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Published online by Cambridge University Press:  11 March 2013

John Hyman*
The Queen's College,


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1 Nelson, Goodman, Languages of Art (Indianapolis: Hackett, 1968), ch.1Google Scholar.

2 Kenny, A.J.P., Action, Emotion and Will (London: Routledge & Kegan Paul, 1963), ch.7Google Scholar.

3 Prior, A.N., The Doctrine of Propositions and Terms (London: Duckworth, 1976), 29Google Scholar.

4 Locke, Essay Concerning Human Understanding, 2.25.5.

5 Oxford English Dictionary, relation, 2.a.

6 The phrase ‘namely-rider’ was coined by Ryle. See Ryle, G., ‘Heterologicality’ repr. in Collected Papers II (London: Unwin Hyman, 1971), 250–57Google Scholar.

7 Hopkins, R., Picture, Image and Experience (Cambridge: CUP, 1998), 10fGoogle Scholar.

8 Routledge Encyclopedia of Philosophy, Depiction, §1.

9 Abell, C., ‘Canny Resemblance’, Philosophical Review 118 (2009), 186CrossRefGoogle Scholar.

10 On this topic, see Rundle, Bede, Grammar in Philosophy (Oxford: OUP, 1979)Google Scholar; Sainsbury, Mark, Reference without Referents (Oxford: OUP, 2005), chs 2 & 6Google Scholar.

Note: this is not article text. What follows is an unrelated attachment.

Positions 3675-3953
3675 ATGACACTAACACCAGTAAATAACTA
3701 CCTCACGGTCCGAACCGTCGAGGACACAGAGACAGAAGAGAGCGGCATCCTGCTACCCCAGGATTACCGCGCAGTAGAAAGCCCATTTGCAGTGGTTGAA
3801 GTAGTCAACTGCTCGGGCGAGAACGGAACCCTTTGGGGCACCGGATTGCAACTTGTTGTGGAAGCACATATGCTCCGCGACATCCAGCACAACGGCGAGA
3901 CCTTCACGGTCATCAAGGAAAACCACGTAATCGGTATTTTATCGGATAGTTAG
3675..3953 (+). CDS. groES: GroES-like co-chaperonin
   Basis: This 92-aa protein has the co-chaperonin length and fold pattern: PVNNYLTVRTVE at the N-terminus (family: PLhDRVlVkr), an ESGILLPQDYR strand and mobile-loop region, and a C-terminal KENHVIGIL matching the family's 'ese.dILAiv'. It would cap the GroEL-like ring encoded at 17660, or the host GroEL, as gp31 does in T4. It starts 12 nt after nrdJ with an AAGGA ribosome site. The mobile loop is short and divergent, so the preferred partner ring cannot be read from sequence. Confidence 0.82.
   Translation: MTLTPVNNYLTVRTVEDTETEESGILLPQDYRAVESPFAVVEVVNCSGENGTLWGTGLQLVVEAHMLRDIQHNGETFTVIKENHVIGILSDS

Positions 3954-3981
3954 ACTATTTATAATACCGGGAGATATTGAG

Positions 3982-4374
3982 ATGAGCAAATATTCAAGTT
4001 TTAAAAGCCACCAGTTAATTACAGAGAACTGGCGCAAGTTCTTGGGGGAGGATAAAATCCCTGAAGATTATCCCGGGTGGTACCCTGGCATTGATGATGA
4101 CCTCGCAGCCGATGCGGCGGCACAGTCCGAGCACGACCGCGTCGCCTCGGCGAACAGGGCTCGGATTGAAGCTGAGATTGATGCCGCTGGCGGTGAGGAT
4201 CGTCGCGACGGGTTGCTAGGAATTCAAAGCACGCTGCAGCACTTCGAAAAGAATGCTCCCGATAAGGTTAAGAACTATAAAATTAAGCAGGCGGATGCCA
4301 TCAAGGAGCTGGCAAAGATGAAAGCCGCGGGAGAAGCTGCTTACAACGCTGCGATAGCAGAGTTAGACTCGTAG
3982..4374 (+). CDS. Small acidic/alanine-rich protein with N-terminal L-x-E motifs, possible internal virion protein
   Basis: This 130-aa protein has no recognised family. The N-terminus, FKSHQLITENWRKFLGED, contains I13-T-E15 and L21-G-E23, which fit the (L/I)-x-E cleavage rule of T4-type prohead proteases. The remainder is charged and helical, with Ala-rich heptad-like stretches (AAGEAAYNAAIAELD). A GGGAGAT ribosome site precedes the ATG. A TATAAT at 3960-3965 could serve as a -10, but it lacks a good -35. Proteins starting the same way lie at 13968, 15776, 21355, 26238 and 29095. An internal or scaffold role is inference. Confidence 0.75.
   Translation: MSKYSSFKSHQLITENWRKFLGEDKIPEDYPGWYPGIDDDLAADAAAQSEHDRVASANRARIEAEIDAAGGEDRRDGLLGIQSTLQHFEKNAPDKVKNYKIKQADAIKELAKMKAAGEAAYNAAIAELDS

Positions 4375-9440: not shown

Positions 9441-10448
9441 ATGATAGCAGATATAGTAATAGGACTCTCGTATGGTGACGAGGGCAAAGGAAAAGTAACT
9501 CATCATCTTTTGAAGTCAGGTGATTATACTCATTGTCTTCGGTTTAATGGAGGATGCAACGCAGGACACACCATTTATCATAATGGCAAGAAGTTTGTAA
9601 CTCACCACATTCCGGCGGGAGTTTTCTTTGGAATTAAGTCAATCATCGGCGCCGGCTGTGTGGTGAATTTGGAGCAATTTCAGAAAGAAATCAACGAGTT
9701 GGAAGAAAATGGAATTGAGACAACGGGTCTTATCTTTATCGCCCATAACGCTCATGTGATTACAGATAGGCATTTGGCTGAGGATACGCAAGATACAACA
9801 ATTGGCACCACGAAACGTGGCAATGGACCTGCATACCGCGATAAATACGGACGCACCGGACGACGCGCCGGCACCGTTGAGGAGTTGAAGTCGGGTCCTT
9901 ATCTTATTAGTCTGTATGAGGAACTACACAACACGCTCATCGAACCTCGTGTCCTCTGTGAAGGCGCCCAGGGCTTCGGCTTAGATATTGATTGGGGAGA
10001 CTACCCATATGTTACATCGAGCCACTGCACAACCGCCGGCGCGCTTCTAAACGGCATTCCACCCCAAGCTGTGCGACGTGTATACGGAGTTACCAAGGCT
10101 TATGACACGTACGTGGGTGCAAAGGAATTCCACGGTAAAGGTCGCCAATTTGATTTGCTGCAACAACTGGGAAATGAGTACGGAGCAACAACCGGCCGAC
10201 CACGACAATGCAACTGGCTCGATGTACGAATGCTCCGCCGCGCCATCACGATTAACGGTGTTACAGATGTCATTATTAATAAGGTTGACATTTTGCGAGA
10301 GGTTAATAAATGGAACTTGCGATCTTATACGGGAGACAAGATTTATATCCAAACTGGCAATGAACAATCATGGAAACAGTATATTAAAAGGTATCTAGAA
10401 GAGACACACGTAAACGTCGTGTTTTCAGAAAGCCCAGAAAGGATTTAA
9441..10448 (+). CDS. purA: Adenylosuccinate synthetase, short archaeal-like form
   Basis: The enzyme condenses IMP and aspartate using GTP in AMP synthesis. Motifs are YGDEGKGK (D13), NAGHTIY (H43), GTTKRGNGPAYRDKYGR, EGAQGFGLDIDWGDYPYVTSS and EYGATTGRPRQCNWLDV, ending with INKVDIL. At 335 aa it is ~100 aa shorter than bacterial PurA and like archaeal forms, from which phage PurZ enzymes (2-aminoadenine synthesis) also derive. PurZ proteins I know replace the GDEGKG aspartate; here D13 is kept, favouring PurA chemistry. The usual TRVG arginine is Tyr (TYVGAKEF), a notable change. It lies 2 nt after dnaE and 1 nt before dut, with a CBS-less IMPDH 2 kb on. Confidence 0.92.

11 On Sense and Reference’ in Translations from the Philosophical Writings of Gottlob Frege, ed. and trans. Geach, P. & Black, M., third edition (Oxford: Blackwell, 1980).Google Scholar

12 Wollheim, R., Painting as an Art (London: Thames and Hudson, 1988), 46Google Scholar.

13 See Budd, M., ‘On Looking at a Picture’, in Hopkins, Jim & Savile, Anthony (eds), Psychoanalysis, Mind and Art (Oxford: OUP, 1992)Google Scholar; Hyman, J., The Objective Eye (Chicago, Ill.: Univ. of Chicago Press, 2006), ch.7Google Scholar.

14 Wittgenstein, L., The Blue and Brown Books, second edition (Oxford: Basil Blackwell, 1969), 32Google Scholar.

15 Goodman, op. cit., 5.

16 Kulvicki, John, ‘Pictorial Diversity’ in Abell, Catharine & Bantinaki, Katerina, eds., Philosophical Perspectives on Depiction (Oxford: OUP, 2010)Google Scholar.

17 Descartes, R., Philosophical Writings I, trans. Cottingham, J. et al. (Cambridge: CUP, 1985), 165Google Scholar.

18 Podro, M., ‘Literalism and Truthfulness in Painting’, British Journal of Aesthetics 50 (2010)CrossRefGoogle Scholar.

19 Ibid., 457f.

20 There is a good discussion of the use of single and multiple vanishing-points as organizing principles in fifteenth-century painting in White, J., The Birth and Rebirth of Pictorial Space second edition (London: Faber & Faber, 1967), 196ffGoogle Scholar.

21 Riegl, A., The Group Portraiture of Holland, trans. Kain, E.M. (Los Angeles: Getty Research Institute, 1999), 285Google Scholar.

22 On this topic, see The Objective Eye, ch.10.